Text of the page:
Penelope Rose Miller's career as a professional organizer began three years ago, at the entrance to an apartment in San Francisco.
From the doorway of the apartment, which belonged to a successful female professional, Rose Miller could see nothing but stuff. Everywhere. Each room was filled with mountains of clutter, untouched and unused for months or years. The only open spaces were narrow pathways through the mess, winding from room to room. One room was completely sealed off with hoarded items stacked from floor to ceiling.
It was time to get to work.
These situations are what Rose Miller and nearly 4,000 other members of the National Association of Professional Organizers, an organizing body for a profession that many don't even know exists, deal with for a living. "POs" enter a house, office or other space that has reached a state of extreme clutter or disarray and work with the owner to make the space livable or usable again.
It's often more than a matter of tidying. Rose Miller, 29, who moved herself and her business to Portland last year, divides her clients into two groups. Most of the people she deals with she describes as "clutterers," who simply don't have enough hours in the day to deal with the constant stream of stuff that builds up in their lives. But there are other people, like that first client in San Francisco, for whom the inability to throw things away is a much larger problem.
"This is a serious illness," says Rose Miller of the "people who hoard," a group she estimates makes up about 10 percent of her business. "It's a disease, and these people have so much stuff that it impedes their life. All these things that to you might look meaningless, like tissues with something written on them, are extremely important to them and it impedes their life so much that they can't use their space for what it's actually meant for."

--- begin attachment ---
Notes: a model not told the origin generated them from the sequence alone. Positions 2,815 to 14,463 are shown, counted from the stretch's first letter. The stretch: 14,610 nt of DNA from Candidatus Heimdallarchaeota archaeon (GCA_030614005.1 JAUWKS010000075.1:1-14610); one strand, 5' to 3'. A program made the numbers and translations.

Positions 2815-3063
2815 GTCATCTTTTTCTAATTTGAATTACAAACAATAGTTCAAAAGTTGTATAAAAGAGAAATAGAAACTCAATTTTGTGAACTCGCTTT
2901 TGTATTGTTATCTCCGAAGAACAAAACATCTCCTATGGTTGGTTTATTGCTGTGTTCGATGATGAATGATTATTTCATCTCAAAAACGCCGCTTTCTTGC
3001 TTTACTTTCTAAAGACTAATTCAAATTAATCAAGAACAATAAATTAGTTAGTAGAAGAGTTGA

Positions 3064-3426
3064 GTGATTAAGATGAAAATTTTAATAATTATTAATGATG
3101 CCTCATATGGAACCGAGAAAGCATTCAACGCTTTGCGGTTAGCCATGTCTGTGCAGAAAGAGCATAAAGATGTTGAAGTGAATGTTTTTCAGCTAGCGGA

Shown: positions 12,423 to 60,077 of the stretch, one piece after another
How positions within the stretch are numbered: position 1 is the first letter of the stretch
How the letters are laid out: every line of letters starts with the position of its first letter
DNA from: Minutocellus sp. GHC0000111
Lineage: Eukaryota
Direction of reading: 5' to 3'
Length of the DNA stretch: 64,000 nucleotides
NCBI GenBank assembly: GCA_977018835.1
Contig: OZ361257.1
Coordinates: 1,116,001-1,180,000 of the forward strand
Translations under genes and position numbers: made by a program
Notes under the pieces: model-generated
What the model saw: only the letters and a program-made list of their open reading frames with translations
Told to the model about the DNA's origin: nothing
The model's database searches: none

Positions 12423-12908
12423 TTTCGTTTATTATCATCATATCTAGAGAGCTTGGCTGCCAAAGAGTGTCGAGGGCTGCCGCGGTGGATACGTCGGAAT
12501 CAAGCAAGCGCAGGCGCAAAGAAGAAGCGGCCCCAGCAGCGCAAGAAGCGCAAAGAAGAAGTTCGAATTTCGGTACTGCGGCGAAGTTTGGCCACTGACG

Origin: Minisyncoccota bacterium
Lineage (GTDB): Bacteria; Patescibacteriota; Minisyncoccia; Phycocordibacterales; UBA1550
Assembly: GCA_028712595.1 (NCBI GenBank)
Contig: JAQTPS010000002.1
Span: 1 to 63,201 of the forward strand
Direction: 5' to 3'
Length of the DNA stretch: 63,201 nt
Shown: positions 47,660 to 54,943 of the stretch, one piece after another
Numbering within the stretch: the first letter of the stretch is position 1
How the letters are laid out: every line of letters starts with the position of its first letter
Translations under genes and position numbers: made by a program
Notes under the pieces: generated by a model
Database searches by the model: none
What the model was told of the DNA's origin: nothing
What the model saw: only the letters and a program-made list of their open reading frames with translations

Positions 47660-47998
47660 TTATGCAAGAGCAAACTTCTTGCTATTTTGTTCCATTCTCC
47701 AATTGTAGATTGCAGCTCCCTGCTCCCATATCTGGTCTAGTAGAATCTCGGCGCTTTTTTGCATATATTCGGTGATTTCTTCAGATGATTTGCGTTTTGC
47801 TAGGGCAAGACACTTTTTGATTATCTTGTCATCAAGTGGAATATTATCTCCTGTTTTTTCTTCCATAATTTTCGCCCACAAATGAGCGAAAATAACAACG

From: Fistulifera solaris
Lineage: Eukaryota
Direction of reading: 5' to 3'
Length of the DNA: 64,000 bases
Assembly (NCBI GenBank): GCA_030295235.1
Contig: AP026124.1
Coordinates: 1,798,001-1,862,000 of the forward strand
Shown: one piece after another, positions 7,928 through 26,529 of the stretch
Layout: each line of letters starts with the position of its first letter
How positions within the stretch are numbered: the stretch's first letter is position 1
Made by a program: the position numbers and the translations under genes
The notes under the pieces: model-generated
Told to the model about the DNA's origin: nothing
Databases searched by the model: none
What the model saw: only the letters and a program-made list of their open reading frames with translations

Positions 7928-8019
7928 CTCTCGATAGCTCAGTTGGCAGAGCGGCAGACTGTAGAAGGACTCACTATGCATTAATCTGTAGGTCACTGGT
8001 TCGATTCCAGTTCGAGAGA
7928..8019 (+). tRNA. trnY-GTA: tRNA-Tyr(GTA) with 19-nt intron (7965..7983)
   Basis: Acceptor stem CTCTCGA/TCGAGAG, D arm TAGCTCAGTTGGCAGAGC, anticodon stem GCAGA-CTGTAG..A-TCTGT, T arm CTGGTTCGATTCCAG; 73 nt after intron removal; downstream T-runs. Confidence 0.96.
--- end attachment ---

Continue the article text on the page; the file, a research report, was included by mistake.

Rose Miller offers several explanations for these people's inability to get rid of things. Many are filling the void left by a lost loved one, or have a debilitating fear of letting things go. Some get sentimental over things as mundane as old receipts. Many of her clients exhibit obsessive-compulsive tendencies. And in the case of many, they feel desperately alone in the worlds they have created.
"The problem with hoarding is that people are so ashamed of this secret that they don't seek treatment," says Rose Miller. "They don't seek help, and so people don't know how to treat it, which is really upsetting. I tell everybody that I work with that you are so not alone."
Hearing Rose Miller talk about the relationships she forms through her work often sounds, unsurprisingly, like the relationships between a patient and a therapist. Barriers are broken down, insights are reached.
"It takes a lot of coaching, bringing awareness to how they're becoming trapped by their stuff," she says of the organizing process. "We start with one item. I tell people to be ruthless about it. Do you love it? Are you going to use it?"
In the case of that first client in San Francisco, Rose Miller was the first person, other than direct family, who had been allowed into the woman's apartment in 15 years. There was a lot of crying during their first session. But after a year of weekly and bi-weekly four-hour sessions working together in the apartment, Rose Miller and the woman were able to make the space livable again. Says Rose Miller, looking back on the process, "We excavated, literally, her life."